In our application we may occasionally have a heavy usage of logger.debug calls. It appears to be helpful to examine the fails, especially in multithreading environment. That’s why we do not want to get rid of these calls. We set the logger.level = Logger::INFO in production instead.

But what if we need to print debug messages for only one or two of over 9000 files? There is no elegant solution on hand, as far as I know. Let me show an ugly hack to provide such a functionality.

First of all, let’s prepare the function to retrieve the caller’s filename and/or method. This would be a static function somewhere in top-level of our module:

module MyModule
  def parse_caller
    # magic number 7 below is the amount of calls 
    #   on stack to unwind to get your caller
    if /^(?<file>.+?):(?<line>\d+)(?::in `(?<method>.*)')?/ =~ caller(7).first
      file      = Regexp.last_match[:file]
      line      = Regexp.last_match[:line].to_i
      method    = Regexp.last_match[:method]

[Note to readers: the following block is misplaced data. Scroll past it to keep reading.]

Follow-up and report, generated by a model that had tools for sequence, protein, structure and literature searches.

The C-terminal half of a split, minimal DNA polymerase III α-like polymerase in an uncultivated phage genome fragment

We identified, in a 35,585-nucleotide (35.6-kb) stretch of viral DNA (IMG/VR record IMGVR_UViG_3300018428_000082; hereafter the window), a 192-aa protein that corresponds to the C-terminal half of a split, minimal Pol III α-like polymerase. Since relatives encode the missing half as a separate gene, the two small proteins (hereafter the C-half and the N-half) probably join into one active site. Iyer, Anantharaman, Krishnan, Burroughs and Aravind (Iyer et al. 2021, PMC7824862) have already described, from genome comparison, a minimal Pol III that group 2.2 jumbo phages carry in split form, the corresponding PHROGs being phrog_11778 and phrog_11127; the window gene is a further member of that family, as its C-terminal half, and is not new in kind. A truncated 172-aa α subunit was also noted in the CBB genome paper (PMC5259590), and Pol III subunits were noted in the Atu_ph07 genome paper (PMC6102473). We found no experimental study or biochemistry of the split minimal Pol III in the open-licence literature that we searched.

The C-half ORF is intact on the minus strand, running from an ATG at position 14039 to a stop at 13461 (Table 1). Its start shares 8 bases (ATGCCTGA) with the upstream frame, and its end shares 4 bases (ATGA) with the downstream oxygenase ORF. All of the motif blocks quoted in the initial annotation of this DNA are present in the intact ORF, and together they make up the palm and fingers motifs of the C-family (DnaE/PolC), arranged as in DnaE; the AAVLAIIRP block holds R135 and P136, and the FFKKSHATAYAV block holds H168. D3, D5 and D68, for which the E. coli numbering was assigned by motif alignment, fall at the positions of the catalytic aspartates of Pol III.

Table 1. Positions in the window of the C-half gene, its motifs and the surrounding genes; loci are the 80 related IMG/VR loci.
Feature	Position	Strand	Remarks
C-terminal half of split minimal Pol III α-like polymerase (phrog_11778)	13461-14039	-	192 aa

[file, line, method]

The magic number “7” there states for an amount of subcalls between our call and resulting Logger#add. We will examine the original caller of logger.debug method and reject all calls except of interesting ones.

The other thing we need is to override the formatter of our logger:

# put this after logger initialization
logger.level = Logger::DEBUG
logger.formatter = lambda do |sev, dt, prog, msg|
  f,l,m = parse_caller
  #↓↓↓↓↓↓↓↓↓↓↓↓ here goes the check ↓↓↓↓↓↓↓↓↓↓↓↓↓
  if (f =~ /newclass/i) && (m =~ /failed_method/), dt, prog, msg) 

I know it looks a weird hack, but it works fine. As soon as we don’t need debug logging at all, simply turn back to INFO level (and don’t forget to switch back to regular Logger#formatter):

logger.level = Logger::INFO
logger.formatter =

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